School braves Hurricane Irma aftermath to hold digital literacy colloquium
KENNESAW, Ga. – Kennesaw State University’s School of Communication braved the aftermath of Hurricane Irma September 14 to organize a well-attended colloquium in the Social Science building that introduced students to digital literacy.
The colloquium offered several breakout sessions to students and professors to learn some of the new advances in the professional world and regarding digital literacy. The concurrent sessions included “Adobe Spark- What can you create?,” “The News Process: A digital tsunami,” “Digital Careers: Atlanta Food Bloggers,” “Digital and the Professions,” and “The Changing Media Management Landscape.” Each of the sessions was offered twice and separated into time slots.
Digital Careers: Atlanta Food Bloggers had one of the biggest turn outs, during its first session. The panelists included Megan Roth and Kathleen Cone of Hungry Girls Do it Better, Morgan Bryant of Eat Here ATL and Olivia Tuttle from Melissa Libby & Associates. Dr. Erin Ryan served as the moderator for this session.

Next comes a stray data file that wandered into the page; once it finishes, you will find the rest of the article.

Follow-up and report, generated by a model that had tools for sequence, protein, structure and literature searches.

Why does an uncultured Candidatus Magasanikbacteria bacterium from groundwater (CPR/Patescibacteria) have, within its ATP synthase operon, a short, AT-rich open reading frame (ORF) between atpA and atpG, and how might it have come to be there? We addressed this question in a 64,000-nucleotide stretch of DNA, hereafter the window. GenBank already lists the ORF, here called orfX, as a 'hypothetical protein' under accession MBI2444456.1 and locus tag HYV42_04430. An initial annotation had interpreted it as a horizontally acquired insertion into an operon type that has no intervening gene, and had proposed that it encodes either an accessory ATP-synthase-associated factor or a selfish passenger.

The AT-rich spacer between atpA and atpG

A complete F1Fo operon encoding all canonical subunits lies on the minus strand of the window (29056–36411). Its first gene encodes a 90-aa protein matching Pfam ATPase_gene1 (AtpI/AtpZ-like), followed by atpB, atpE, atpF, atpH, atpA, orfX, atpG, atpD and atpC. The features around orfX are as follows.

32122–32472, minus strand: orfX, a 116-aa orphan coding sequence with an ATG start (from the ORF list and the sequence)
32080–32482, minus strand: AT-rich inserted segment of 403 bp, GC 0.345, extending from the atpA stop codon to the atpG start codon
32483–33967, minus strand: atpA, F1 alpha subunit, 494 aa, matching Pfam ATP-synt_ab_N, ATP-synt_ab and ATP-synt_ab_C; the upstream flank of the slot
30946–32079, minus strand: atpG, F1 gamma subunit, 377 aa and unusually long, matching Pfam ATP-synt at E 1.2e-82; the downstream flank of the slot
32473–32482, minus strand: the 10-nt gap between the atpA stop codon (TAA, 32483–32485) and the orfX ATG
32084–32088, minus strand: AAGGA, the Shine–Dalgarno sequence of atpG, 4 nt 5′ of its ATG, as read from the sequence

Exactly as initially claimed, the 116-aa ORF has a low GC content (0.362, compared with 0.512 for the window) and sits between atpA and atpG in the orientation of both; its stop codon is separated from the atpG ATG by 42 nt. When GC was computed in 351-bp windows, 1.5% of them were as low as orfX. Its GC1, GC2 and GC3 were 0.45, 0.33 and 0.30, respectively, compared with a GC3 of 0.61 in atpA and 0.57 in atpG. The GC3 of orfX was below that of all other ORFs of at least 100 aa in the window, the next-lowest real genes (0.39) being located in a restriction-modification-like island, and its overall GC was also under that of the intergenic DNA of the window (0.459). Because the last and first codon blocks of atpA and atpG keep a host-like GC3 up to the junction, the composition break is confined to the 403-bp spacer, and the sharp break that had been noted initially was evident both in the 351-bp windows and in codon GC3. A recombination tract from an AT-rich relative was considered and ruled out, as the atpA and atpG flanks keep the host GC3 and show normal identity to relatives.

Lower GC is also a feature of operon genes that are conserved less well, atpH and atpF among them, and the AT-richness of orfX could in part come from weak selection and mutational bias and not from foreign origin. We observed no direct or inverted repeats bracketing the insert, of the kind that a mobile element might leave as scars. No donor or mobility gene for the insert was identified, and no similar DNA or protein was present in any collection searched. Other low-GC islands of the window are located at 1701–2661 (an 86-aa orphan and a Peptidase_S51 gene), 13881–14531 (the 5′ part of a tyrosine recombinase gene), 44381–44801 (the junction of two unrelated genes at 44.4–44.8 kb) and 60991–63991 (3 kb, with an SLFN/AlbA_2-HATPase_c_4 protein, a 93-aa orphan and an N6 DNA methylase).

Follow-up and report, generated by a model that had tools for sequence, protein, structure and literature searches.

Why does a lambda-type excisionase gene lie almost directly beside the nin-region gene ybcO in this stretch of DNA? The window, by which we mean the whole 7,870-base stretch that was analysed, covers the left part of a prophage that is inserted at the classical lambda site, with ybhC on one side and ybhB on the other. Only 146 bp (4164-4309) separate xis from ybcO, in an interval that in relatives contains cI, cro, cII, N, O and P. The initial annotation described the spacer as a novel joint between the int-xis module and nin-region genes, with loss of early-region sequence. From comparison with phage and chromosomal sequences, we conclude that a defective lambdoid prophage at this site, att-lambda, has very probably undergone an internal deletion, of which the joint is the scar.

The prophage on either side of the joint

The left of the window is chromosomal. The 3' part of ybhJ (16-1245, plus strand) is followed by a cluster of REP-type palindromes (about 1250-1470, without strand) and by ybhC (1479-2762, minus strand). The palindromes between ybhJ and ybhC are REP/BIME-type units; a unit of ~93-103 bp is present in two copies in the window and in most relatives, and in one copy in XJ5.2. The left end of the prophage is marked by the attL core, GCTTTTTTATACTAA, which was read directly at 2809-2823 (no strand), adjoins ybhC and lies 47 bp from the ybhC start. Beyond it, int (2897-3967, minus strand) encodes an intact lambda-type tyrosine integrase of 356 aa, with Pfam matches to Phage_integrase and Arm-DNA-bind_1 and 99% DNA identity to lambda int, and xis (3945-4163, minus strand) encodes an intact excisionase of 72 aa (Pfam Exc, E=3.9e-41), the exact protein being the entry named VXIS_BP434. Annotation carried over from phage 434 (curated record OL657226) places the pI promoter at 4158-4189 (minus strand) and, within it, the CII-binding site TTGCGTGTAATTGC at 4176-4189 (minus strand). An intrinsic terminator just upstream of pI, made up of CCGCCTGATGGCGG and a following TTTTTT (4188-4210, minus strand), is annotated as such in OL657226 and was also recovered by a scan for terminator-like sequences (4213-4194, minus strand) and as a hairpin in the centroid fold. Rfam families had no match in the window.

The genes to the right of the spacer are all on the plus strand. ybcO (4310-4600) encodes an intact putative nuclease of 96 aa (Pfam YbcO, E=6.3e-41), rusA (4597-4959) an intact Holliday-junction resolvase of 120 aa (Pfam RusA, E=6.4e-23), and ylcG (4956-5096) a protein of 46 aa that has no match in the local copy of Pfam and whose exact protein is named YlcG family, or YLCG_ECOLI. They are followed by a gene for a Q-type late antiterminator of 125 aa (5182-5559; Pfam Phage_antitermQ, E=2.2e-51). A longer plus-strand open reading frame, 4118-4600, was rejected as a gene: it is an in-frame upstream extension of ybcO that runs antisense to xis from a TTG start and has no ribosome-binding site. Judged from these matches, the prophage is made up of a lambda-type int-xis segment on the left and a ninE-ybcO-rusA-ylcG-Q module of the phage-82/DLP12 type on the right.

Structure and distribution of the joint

“The food scene in Atlanta, is forever changing,” Bryant said. “That’s why I wanted to create Eat Here ATL, to have a space that had everything there. From places to hangout and places to eat.”
This is the fifth year the colloquium has been held. Industry experts taught students about innovation in classrooms to help students be better prepared in the working world. “I never thought we would have a colloquium that was impacted by Hurricane Irma,” said Dr. Barbara Gainey, director of the school of communication. “With recent events happening with hurricane season, the school of communication thought digital literacy was a hot topic.”
She also pointed out that the Georgia Board of Regents recently approved the Organizational and Professional Communication program as a new stand-alone major effective fall 2018.
Many professors from the school of communication were there to help students network with the panelists.
“They’re working on promoting digital literacy,” said Skyler Lydick, an undeclared sophomore who said she enjoyed being able to interact with both students and professionals.
Dr. Gainey said the Georgia News Lab will now be housed at Kennesaw State University, and that scores for the new entrance exam to the School of Communication and Media have been raised to 75 percent.